Four Strategies for Student Loan Repayment Success

Recommendations for Protecting Student Loan Borrowers and the Schools They Attend
By: | Issue: February, 2015
January 5, 2015

George Covino, USA Funds Vice President, Consulting

A report by the Association of Community College Trustees and The Institute for College Access & Success suggests practical steps that all postsecondary institutions – not just community colleges – can take to benefit their student loan borrowers. I suggest the following strategies to implement four of the report’s key recommendations at your institution.

Embrace default reduction as a campus-wide endeavor. When I work with schools on developing debt management plans, I typically start by convening a workshop and asking participants what they know about student loan debt and default at their school. What’s their cohort default rate? How about the average amount their students are borrowing?

Too often, those at the workshop don’t know these basics — but they should. The most successful default prevention programs involve awareness and support that goes beyond the financial aid office. Senior leadership should be on board, to hold everyone accountable for preventing default.

Analyze who borrows and who defaults. The most common default prevention strategy has been a blanket approach, with the same level of counseling and contact provided to all borrowers in a cohort. But that approach is inefficient; you’re committing too many resources to those borrowers who are likely to successfully repay their loans without intervention but too few resources to those who are likely to struggle with repayment. The solution? Take a targeted approach to default prevention, applying different levels of outreach based on a borrower’s level of risk.

Examine the National Student Loan Data System School Portfolio Report (SCHPR1) to determine patterns in your borrowers’ repayment behavior and characteristics of those most likely to default. Then tailor your borrower outreach accordingly, devoting resources according to default risk. Organizations like USA Funds can assist with this analysis and even perform outreach campaigns for you, if needed.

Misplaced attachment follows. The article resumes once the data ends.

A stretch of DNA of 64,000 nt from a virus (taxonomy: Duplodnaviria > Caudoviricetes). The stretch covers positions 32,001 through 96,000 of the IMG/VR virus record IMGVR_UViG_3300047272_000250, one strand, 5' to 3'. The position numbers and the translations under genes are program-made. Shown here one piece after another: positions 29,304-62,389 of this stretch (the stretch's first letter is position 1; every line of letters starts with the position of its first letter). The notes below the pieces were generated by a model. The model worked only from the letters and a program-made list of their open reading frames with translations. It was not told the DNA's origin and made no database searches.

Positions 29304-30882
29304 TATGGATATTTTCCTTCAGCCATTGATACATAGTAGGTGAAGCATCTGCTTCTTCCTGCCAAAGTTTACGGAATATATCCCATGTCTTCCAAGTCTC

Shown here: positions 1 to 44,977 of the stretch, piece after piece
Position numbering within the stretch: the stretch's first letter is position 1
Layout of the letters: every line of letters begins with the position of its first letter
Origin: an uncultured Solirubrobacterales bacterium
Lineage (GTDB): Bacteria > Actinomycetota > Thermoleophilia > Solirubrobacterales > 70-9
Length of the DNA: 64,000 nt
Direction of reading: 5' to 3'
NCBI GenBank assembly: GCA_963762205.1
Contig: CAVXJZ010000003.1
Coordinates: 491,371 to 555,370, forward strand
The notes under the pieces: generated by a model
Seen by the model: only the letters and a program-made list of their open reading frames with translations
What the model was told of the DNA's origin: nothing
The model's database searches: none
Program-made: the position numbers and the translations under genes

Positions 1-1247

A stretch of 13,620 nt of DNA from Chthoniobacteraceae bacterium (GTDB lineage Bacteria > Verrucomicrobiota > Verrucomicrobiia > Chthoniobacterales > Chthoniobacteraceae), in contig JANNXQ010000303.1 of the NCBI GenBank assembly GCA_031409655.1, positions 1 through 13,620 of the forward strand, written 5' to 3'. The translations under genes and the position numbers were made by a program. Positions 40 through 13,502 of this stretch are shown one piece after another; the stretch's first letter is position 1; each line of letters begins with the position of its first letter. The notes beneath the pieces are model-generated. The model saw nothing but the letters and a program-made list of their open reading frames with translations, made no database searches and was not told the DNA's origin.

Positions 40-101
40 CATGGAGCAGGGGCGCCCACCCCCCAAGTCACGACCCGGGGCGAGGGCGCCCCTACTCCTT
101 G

Provide counseling and information to borrowers when they need it. USA Funds experiences better contact and counseling rates with borrowers early in the loan lifecycle. Borrowers who have trouble repaying their student loans are more likely to respond to offers of help if you’ve opened up the lines of communication during the grace period.

Contacting borrowers about repayment during grace is a best practice for three reasons:

1.      Borrowers receive important information about staying on track earlier in the repayment process.

2.      You have an earlier opportunity to get updated contact information for borrowers

3.      You establish yourself as a trusted adviser.

Improve entrance and exit counseling. Supplementing required loan counseling with financial literacy and student success training is an effective way to keep your students on track to complete their education with a minimum amount of debt.  Surveys of students who have been exposed to USA Funds Life Skills financial literacy curriculum find that nine out of 10 report making at least one positive change in their personal finance or academic behavior.

The most successful financial education is offered as a requirement through multiple touch points that already are part of the typical student life cycle: orientation, student success courses and residence hall programs are just a few of the many existing programs where you can incorporate this training. Delivering this training by trained peer mentors can be especially effective.

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